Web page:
Last week, I received an e-mail that read “Steve Jobs, Bono and The Edge invite you to attend a special event.” (Larry Mullen and Adam Clayton were indifferent about my attendance, I guess.) And as I was stuck in traffic this morning on the way to San Jose, I was wondering just what Steve might unleash. I’d heard the rumors—mainly, a color iPod that plays video, or a black iPod with U2’s new album loaded on it—and as with most Mac rumors, it turned out both were close to what actually happened.
Once I took a seat with a few hundred other press and guests in an old movie theater in downtown San Jose, Jobs talked about the Apple Stores, the iTunes Music Store, and then quickly moved on to the iPod. He showed a picture of Creative’s Zen Portable Media Center as an example of what other companies are adding to digital music players—video. He then showed a clip from the film Raiders of the Lost Ark —you know, the scene where Harrison Ford and John Rhys-Davies are excited to find that the Nazis are “digging in the wrong place” for the Ark of the Covenant. Jobs’ point was that, like the sinister-if-bumbling villains in Raiders , these other companies are making a mistake, mostly because there isn’t any content available for video players (unlike music for the iPod and competing devices). Apple concluded that photos were the way to go—everyone has plenty of those, and there are no problem with rights and ownership (also unlike music).
The iPod Photo unveiled by Jobs Tuesday looked just like the fourth-generation iPod, but with one big difference—a color screen. The tiny photo viewer displays 25 thumbnails or one photo at a time; just as you sync with the songs in your iTunes library, you can sync the pictures in your iPhoto library. You can also hook up the iPod Photo to a TV or projector (anything with analog video inputs) for a much larger viewing experience.
And that᾿s good. Because after the event, I got to try out the new iPod Photo, and having seen it up close, I have to say I can’t see the point in having a tiny photo viewer built into the iPod. The color screen is beautiful (and it displays the cover art embedded in each track purchased from the iTunes Music Store), but who wants to stand around an iPod looking at pictures? Maybe once I have more time to reflect on things, I’ll change my mind. But right now? That’s a very small screen.
Apple’s other announcement Tuesday had something to do with its special guests, 50 percent of U2. Why was half the band in the house? For the iPod U2 Special Edition, of course. As predicted, it is has a black face, and even a red Click Wheel. Alas, no music comes preinstalled, as had been rumored (although the signatures of all four band members come laser-engraved on the back).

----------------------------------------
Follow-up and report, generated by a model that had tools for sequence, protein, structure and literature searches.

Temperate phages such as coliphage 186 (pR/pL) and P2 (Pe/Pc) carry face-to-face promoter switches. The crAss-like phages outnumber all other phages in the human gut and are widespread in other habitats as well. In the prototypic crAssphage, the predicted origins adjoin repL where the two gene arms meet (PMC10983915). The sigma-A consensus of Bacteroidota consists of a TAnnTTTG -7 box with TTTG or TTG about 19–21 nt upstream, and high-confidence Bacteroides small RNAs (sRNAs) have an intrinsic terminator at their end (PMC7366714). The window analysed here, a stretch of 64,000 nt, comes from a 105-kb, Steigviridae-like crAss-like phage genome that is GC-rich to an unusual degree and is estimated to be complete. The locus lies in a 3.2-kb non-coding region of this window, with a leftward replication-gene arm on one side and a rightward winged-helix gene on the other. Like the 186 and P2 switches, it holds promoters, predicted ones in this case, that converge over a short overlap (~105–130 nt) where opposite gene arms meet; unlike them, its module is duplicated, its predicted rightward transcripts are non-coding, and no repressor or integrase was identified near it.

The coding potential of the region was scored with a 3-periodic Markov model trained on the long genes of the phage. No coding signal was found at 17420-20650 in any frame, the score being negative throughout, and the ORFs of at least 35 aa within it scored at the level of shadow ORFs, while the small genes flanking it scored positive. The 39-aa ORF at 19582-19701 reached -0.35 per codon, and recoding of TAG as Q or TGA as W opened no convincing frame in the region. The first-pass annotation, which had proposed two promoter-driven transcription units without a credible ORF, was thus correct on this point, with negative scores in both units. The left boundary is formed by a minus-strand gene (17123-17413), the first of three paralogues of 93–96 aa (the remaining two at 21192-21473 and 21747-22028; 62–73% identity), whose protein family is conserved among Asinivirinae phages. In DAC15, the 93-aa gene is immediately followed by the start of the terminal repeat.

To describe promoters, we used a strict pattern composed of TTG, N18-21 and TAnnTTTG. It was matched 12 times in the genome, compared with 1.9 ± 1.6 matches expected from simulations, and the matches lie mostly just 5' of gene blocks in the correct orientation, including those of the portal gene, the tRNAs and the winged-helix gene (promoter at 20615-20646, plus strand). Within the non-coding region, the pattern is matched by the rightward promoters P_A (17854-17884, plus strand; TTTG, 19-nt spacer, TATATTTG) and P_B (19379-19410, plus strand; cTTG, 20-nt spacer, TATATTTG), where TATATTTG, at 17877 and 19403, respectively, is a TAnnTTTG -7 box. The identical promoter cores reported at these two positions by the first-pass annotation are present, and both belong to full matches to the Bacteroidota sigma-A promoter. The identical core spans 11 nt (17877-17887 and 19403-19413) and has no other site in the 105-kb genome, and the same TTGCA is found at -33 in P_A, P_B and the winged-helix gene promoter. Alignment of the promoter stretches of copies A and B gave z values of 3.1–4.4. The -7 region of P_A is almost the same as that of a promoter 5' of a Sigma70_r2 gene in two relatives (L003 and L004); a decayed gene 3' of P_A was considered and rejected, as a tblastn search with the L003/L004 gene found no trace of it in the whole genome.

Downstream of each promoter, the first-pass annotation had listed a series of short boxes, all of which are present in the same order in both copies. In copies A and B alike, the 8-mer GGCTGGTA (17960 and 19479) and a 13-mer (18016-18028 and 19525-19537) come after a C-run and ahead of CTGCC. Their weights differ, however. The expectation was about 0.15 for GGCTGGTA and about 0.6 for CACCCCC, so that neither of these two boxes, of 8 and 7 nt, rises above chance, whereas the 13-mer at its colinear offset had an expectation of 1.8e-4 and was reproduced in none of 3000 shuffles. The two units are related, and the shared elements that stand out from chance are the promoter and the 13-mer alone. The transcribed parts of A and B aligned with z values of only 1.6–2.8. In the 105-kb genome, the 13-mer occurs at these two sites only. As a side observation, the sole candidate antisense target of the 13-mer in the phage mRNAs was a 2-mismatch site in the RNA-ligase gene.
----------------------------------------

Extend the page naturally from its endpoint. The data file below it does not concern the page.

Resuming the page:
The other difference you’ll notice with the iPod U2 Special Edition is the price—it costs $50 more than the standard 20GB Click Wheel iPod. I can’t say I’m a big fan of the color scheme or the additional price, but then again, I’m not a huge U2 fan (and Special Edition makes me think of the horrible things George Lucas has done to the Star Wars Trilogy).
The other U2-related item on the Apple menu was the world’s first digital box set. For $149, you get every U2 album plus a bunch of rare and unreleased tracks (and if you buy the U2 iPod, you get an iTunes Music Store coupon for $50 off the box set, meaning your iPod really costs the same $299 you’d pay for a non-Special Edition one). Bono and The Edge were nice enough to play two songs for us, with the lead singer more or less apologizing for his ’80s mullet—so I was pretty satisfied.
There was a very odd moment Tuesday where Steve Jobs introduced a new product called Socks—a set of 5 different-colored cotton… well… socks . They’re supposed to protect your iPod from scratches and “keep it warm”—assuming you accept the chilling idea that your iPod is capable of sentient thought. Since I see no mention of the socks on Apple’s site, I’m still not convinced Jobs isn’t pulling our leg. Still, the CEO did say the socks will be available mid-November (the same release date for the U2 iPod) for $29. So I guess we’ll have to wait and see if Apple is truly planning to deliver the latest in iPod-themed footwear.